In the 1980’s, AI was reignited by two sources: an expansion of the algorithmic toolkit, and a boost of funds. John Hopfield and David Rumelhart popularized “deep learning” techniques which allowed computers to learn using experience. On the other hand Edward Feigenbaum introduced expert systems which mimicked the decision making process of a human expert. The program would ask an expert in a field how to respond in a given situation, and once this was learned for virtually every situation, non-experts could receive advice from that program. Expert systems were widely used in industries. The Japanese government heavily funded expert systems and other AI related endeavors as part of their Fifth Generation Computer Project (FGCP). From 1982-1990, they invested $400 million dollars with the goals of revolutionizing computer processing, implementing logic programming, and improving artificial intelligence. Unfortunately, most of the ambitious goals were not met. However, it could be argued that the indirect effects of the FGCP inspired a talented young generation of engineers and scientists. Regardless, funding of the FGCP ceased, and AI fell out of the limelight.

Ironically, in the absence of government funding and public hype, AI thrived. During the 1990s and 2000s, many of the landmark goals of artificial intelligence had been achieved. In 1997, reigning world chess champion and grand master Gary Kasparov was defeated by IBM’s Deep Blue, a chess playing computer program. This highly publicized match was the first time a reigning world chess champion loss to a computer and served as a huge step towards an artificially intelligent decision making program. In the same year, speech recognition software, developed by Dragon Systems, was implemented on Windows. This was another great step forward but in the direction of the spoken language interpretation endeavor. It seemed that there wasn’t a problem machines couldn’t handle. Even human emotion was fair game as evidenced by Kismet, a robot developed by Cynthia Breazeal that could recognize and display emotions.

Time Heals all Wounds

We haven’t gotten any smarter about how we are coding artificial intelligence, so what changed? It turns out, the fundamental limit of computer storage that was holding us back 30 years ago was no longer a problem. Moore’s Law, which estimates that the memory and speed of computers doubles every year, had finally caught up and in many cases, surpassed our needs. This is precisely how Deep Blue was able to defeat Gary Kasparov in 1997, and how Google’s Alpha Go was able to defeat Chinese Go champion, Ke Jie, only a few months ago. It offers a bit of an explanation to the roller coaster of AI research; we saturate the capabilities of AI to the level of our current computational power (computer storage and processing speed), and then wait for Moore’s Law to catch up again.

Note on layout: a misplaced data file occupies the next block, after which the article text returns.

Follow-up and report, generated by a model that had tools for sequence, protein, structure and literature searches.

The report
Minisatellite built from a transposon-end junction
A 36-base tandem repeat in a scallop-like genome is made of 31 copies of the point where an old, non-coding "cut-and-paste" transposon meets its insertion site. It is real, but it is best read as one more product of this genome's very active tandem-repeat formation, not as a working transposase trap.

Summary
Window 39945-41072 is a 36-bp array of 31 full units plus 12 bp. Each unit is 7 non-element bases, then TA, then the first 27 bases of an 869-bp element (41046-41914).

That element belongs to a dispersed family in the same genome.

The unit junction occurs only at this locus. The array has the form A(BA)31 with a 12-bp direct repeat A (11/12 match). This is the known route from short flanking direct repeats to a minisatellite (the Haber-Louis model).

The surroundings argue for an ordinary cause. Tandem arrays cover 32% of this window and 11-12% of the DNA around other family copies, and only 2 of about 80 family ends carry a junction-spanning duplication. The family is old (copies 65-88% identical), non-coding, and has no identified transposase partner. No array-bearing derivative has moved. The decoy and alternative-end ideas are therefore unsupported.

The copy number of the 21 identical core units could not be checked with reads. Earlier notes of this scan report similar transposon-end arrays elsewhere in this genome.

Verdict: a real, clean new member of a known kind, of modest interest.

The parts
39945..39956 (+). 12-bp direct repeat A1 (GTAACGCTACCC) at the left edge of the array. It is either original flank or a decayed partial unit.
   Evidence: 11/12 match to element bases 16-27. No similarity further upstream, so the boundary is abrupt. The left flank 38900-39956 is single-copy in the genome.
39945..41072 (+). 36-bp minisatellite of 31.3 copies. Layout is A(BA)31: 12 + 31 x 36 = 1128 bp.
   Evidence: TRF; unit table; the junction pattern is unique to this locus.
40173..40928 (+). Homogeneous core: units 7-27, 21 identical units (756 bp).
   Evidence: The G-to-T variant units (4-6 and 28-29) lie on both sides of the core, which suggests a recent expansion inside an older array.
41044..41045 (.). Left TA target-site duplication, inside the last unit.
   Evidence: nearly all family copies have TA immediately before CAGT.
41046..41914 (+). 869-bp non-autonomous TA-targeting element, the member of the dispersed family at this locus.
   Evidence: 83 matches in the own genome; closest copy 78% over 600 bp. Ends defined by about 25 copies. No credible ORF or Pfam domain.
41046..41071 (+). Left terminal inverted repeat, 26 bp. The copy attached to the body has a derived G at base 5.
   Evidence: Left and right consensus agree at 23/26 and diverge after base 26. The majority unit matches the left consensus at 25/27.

Artificial Intelligence is Everywhere

We now live in the age of “big data,” an age in which we have the capacity to collect huge sums of information too cumbersome for a person to process. The application of artificial intelligence in this regard has already been quite fruitful in several industries such as technology, banking, marketing, and entertainment. We’ve seen that even if algorithms don’t improve much, big data and massive computing simply allow artificial intelligence to learn through brute force. There may be evidence that Moore’s law is slowing down a tad, but the increase in data certainly hasn’t lost any momentum. Breakthroughs in computer science, mathematics, or neuroscience all serve as potential outs through the ceiling of Moore’s Law.

The Future

So what is in store for the future? In the immediate future, AI language is looking like the next big thing. In fact, it’s already underway. I can’t remember the last time I called a company and directly spoke with a human. These days, machines are even calling me! One could imagine interacting with an expert system in a fluid conversation, or having a conversation in two different languages being translated in real time. We can also expect to see driverless cars on the road in the next twenty years (and that is conservative). In the long term, the goal is general intelligence, that is a machine that surpasses human cognitive abilities in all tasks. This is along the lines of the sentient robot we are used to seeing in movies. To me, it seems inconceivable that this would be accomplished in the next 50 years. Even if the capability is there, the ethical questions would serve as a strong barrier against fruition. When that time comes (but better even before the time comes), we will need to have a serious conversation about machine policy and ethics (ironically both fundamentally human subjects), but for now, we’ll allow AI to steadily improve and run amok in society.